I have never been a big fan of the concept of “smartpower,” which came into vogue among American foreign-policy pundits with our change of presidential administrations a few years back. It’s a catchy new label for the age-old, commonplace, and yes, smart idea that statesmen should use all of the tools in their toolkit—diplomatic, informational and ideological, military, and economic—to advance the national interest. Shazam! as a hillbilly (and, as a descendant of hillbillies, I say that in the kindest possible way) used to say in a cornyoldsitcom. Who’d’ve thought of that?
Smart power is old wine in a new bottle. Still, the formula says something useful about Taiwan and China. All nations are not created equal. Few countries boast the elements of strength in the same amounts or the same proportions. If a country finds itself short on one component of national power, it has to use the others to make up for the shortfall, or reconcile itself to a power mismatch vis-à-vis its rivals. Taiwan can no longer keep up with its chief competitor, China, which overshadows the island by economic and military measures. That compels Taipei to compensate with the diplomatic and informational/ideological implements—rendering its power as robust, as balanced, and as smart as possible.
“Softpower”—an older idea from Harvard professor Joe Nye, one of the originators of smart power—offers the island one way to buttress its standing. To boil it down to its essence, soft power is a “power of attraction” by which one nation influences others. Beguiling traditions, culture, and institutions impress others. Those who represent attractive nations presumably get their way more readily in diplomatic circles. (And yes, it is hard to trace hard results to soft power. You can’t deploy a battalion or air wing of soft power to back up diplomacy.) Taiwan’s free government, the industry of its people, and its freewheeling cultural life comprise wellsprings of soft power.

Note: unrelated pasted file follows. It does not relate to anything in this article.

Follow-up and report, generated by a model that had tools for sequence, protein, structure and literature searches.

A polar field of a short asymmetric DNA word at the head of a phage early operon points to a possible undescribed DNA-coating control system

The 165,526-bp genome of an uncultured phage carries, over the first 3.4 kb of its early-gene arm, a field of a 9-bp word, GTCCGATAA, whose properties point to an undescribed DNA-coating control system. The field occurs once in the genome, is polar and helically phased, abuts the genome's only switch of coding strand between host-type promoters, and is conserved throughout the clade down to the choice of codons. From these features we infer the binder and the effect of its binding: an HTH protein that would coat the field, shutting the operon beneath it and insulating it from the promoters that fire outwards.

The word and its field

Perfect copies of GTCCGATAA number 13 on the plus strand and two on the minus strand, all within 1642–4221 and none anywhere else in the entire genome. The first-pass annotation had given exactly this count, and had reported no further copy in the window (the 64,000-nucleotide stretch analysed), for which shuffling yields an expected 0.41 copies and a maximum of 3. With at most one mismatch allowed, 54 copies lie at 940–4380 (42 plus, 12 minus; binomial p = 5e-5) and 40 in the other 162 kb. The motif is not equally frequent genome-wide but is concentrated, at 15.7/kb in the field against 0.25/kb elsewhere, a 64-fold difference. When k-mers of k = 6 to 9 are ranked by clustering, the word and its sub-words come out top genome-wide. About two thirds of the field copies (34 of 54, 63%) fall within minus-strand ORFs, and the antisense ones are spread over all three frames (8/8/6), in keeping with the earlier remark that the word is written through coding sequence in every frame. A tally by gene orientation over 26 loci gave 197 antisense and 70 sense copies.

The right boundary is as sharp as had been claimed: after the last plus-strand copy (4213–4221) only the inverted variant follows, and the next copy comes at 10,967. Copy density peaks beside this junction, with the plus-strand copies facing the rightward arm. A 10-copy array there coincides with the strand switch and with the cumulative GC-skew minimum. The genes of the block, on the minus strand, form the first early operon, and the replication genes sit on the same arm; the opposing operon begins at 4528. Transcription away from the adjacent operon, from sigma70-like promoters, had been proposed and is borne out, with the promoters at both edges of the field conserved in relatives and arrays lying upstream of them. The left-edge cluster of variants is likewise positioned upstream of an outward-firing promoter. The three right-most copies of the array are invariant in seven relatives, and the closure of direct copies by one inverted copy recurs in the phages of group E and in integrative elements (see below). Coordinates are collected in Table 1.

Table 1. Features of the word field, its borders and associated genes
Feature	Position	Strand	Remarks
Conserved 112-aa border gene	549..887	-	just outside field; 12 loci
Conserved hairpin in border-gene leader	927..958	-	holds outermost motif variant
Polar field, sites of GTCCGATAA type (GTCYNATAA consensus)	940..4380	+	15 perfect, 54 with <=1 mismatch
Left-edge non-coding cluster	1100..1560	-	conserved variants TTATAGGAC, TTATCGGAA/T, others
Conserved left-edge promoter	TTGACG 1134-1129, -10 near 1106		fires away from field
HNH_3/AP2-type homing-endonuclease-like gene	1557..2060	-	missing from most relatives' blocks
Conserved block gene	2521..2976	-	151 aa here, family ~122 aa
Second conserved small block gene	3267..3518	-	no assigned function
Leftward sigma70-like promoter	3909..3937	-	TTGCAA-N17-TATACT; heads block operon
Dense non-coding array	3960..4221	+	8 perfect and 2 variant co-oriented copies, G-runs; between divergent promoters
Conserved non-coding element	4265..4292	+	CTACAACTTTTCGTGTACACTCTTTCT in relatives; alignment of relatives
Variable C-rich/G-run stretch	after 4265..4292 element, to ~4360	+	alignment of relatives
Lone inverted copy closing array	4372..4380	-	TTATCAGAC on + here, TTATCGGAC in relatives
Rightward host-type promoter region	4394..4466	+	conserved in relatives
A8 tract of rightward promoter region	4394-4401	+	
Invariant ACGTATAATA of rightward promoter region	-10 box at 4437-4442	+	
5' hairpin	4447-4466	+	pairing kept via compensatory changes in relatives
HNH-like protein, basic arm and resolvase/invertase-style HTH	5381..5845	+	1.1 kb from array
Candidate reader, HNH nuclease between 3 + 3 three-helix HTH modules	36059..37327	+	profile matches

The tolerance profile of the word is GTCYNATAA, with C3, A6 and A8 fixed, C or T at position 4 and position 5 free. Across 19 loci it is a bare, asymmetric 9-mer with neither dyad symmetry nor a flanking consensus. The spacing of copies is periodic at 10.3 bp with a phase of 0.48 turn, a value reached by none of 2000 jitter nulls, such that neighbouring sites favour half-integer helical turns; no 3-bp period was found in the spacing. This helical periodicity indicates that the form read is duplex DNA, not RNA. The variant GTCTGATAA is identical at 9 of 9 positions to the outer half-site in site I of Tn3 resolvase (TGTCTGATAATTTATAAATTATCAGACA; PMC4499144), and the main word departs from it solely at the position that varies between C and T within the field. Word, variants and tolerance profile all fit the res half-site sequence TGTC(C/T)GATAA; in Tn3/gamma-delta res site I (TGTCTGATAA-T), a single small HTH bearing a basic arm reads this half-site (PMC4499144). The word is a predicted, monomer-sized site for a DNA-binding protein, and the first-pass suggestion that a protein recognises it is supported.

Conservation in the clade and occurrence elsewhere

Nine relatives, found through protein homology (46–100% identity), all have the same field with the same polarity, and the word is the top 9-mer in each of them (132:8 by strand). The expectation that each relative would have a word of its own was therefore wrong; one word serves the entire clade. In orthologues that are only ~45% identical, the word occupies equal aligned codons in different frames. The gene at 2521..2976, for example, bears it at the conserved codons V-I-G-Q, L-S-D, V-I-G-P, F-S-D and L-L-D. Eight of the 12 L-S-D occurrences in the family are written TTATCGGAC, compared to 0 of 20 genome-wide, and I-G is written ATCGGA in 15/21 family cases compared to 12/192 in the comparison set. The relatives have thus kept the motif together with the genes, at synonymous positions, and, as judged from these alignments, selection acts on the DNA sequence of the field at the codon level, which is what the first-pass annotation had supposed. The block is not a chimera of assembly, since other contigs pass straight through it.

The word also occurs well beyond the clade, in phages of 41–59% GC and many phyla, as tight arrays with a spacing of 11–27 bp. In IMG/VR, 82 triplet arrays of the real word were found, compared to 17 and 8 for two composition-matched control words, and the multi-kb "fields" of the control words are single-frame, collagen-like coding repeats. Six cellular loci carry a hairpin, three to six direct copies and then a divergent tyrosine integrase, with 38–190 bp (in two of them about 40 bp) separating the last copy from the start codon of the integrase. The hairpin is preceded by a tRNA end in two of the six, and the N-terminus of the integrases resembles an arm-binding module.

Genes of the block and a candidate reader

But there’s more to it than that: islanders are confident about their society’s virtues. Outreach works best when it’s effortless. You seldom encounter the bombast on Taiwan that you often do when dealing with the mainland. Hard sell bespeaks insecurity. Few officials rhapsodize about the glory that is Formosa. Instead they encourage newcomers to walk around, see the sights, and meet the people, and trust that the island will sell itself. And so it does. The military balance is one thing. The soft-power balance favors Taiwan—lopsidedly.